VA Disability for Veterans Who Live With PTSD After Experiencing a Hostile Act

soldier with PTSDExperiencing a traumatic event can create a condition known as post-traumatic stress disorder (PTSD). This event could be witnessing the death of a loved one, living through a natural disaster, being in an accident, or being involved in a terrorist incident.

PTSD is especially common in military personnel who have experienced hostile acts or terrorism while in combat. The majority of people who experience a traumatic event eventually recover. However, some people develop PTSD that can affect their emotional and physical behavior for months or even years after the event.

The U.S. Department of Veterans Affairs (VA) reports that PTSD is the most common mental health problem suffered by military personnel who return from service. If you're a veteran who has developed PTSD and you’re unable to sustain gainful employment, hiring a VA disability attorney can be helpful for getting the compensation you may be entitled to for this condition.

What Is PTSD?

When a person lives through a frightening, shocking, or terrifying event where he feels intense fear, is threatened, feels trapped or defenseless, or believes he might die, he can experience the psychological condition PTSD. Following the incident, that person may have nightmares, flashbacks, and intense stress and tension about what happened. It’s estimated that nearly 20 percent of the 2,500,000 Americans who’ve served in the Iraq and Afghanistan wars suffer from PTSD and depression. And while the VA has officially diagnosed 207,161 Iraq and Afghanistan war veterans with this condition, experts believe there are more that haven't been diagnosed.

A study by the RAND Corporation estimated that approximately 14 percent of post-9/11 veterans suffer symptoms of PTSD, including depression, sleeplessness, headaches, rage, and irritability, although they may not have received a formal diagnosis. The study also found that another 14 percent of this group suffers from major depression.

According to Eric Shinseki, secretary of the VA, “The current crop of veterans is at a risk of a ‘downward spiral’ that leads to depression, substance abuse, and sometimes suicide.” The VA also notes in a report on PTSD that, “Deliberate violence creates longer lasting mental health effects than natural disasters or accidents. Human malevolence is likely to add to the complexities and difficulties of psychological adjustment.”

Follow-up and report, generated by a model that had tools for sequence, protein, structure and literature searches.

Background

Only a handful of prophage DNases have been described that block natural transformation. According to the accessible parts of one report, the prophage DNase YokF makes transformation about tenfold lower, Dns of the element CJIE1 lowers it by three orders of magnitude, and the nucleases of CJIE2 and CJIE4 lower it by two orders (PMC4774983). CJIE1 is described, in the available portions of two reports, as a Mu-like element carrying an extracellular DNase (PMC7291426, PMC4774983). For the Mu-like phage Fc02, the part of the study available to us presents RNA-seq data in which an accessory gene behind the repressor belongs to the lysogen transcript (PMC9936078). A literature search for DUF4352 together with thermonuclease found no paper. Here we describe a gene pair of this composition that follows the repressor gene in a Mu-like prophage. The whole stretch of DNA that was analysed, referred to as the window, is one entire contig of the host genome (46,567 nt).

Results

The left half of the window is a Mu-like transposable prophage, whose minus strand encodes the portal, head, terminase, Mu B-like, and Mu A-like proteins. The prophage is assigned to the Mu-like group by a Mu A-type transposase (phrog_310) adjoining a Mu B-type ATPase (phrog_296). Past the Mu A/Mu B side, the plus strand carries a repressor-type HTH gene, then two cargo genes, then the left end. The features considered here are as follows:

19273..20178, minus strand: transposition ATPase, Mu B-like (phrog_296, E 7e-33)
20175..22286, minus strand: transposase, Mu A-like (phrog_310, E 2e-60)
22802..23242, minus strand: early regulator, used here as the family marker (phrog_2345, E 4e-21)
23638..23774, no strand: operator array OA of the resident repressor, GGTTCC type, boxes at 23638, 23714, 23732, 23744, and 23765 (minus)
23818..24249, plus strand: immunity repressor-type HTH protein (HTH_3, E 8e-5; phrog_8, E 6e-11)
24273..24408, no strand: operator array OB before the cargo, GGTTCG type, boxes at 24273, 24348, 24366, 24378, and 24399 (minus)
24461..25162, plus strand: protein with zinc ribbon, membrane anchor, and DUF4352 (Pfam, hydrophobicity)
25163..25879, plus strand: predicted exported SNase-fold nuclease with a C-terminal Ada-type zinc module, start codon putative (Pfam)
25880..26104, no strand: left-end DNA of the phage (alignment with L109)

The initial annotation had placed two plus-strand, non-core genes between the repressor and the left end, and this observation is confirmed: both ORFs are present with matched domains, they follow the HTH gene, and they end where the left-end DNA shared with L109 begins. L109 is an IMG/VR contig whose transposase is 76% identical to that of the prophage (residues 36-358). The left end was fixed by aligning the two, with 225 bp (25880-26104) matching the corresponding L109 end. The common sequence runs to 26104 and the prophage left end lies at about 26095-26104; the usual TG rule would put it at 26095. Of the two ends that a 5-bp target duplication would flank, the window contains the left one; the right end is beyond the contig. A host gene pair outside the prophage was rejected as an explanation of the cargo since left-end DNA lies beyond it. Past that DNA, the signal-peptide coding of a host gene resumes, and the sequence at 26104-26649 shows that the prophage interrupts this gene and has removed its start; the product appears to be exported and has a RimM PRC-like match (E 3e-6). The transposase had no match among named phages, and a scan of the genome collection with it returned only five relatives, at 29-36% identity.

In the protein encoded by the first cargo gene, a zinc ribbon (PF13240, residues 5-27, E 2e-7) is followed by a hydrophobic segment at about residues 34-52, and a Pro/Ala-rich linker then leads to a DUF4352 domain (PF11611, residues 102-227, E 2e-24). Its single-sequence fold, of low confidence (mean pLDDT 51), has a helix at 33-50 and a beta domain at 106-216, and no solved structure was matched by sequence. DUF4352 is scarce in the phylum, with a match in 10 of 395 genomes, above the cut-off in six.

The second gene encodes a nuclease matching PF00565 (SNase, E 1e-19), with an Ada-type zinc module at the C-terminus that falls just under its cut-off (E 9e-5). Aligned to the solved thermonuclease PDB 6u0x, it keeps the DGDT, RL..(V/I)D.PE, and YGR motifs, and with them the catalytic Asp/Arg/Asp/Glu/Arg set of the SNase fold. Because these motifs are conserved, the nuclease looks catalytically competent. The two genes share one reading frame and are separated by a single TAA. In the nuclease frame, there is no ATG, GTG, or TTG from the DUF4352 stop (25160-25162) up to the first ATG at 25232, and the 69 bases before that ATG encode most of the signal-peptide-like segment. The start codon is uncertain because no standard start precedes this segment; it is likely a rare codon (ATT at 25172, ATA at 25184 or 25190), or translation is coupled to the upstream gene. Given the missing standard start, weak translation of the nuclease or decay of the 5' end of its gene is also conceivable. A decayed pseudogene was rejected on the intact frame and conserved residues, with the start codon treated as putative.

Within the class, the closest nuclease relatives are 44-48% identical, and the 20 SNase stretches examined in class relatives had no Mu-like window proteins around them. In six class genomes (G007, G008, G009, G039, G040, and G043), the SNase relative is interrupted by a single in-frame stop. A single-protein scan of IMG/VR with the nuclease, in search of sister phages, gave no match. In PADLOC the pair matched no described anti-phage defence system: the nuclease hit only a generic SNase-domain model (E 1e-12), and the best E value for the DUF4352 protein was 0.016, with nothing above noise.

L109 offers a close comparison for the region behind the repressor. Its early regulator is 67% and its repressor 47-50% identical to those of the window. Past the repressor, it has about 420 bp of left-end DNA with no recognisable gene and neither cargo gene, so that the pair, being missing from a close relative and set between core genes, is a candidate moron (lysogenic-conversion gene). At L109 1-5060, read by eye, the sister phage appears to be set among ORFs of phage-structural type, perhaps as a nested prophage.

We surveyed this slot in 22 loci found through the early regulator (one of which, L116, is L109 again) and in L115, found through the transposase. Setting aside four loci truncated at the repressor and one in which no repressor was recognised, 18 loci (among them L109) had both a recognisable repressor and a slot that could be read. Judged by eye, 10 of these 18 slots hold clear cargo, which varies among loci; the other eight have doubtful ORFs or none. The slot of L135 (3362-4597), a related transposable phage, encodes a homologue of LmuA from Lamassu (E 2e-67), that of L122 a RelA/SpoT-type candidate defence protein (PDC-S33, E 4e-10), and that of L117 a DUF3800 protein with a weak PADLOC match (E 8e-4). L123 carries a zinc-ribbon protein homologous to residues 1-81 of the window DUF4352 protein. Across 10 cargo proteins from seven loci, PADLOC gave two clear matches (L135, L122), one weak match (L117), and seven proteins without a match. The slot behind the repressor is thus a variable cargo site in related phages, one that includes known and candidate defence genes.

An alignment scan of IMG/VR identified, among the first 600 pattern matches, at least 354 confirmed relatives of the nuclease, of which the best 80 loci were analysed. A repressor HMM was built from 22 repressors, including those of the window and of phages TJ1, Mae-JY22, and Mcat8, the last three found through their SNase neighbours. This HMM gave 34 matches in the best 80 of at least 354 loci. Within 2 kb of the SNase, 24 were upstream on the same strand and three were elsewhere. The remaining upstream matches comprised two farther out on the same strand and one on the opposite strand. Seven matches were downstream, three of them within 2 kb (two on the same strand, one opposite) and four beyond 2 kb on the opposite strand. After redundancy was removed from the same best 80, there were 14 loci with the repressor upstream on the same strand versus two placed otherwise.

What PTSD Research Says

Researchers have explored how veterans react to a hostile act or terrorism. And while some studies show that civilians and veterans react in much the same way when acts of violence occur, other studies show that a veteran’s negative responses may last for a longer period of time. Their symptoms were also likely to worsen if they experience reminders of the trauma. For example:

  • If a veteran watched media coverage of war, it often brought back memories of his experiences in the military.
  • Researchers found that veterans who consistently watched disturbing TV reports had a greater risk of developing PTSD within the next two to three years.
  • The symptoms of PTSD may worsen for a veteran if what he saw on TV news closely reflected what he went through during military service.
  • Veteran gatherings or American symbols with “high emotional value” could cause a veteran’s PTSD to worsen or his symptoms to recur.

Additionally, a new traumatic event could also trigger a veteran’s old memories. He may prepare for the worst or anticipate the worst scenario due to his previous experience. Consequently, a veteran may become guarded or overly protective; become obsessed by danger; or may want to avoid being surprised, shocked, or unprepared for any situation in the future. 

VA Disability for PTSD

Here's a look at some of the requirements to establish a service-related connection for PTSD:

  • You must receive an evaluation by a psychiatrist at a VA medical facility and receive a diagnosis of PTSD.
  • The psychiatrist must state that a traumatic event during service caused the PTSD.
  • The symptoms suffered by the veteran must be related to the occurrence of this traumatic event.
  • The traumatic event is “consistent with the places, types, and circumstances of the veteran’s service, and the record provides no clear and convincing evidence to the contrary.”

PTSD is often difficult to diagnose because you may not experience symptoms until weeks or months after you were injured by the trauma. If you have service-related PTSD, you may be eligible for VA disability compensation. Call us today to discuss your disability case, or download our free book, The Essential Guide to VA Disability Claims.

 

Sean D. Cuddigan
SSA and VA Disability Attorney in Omaha, Nebraska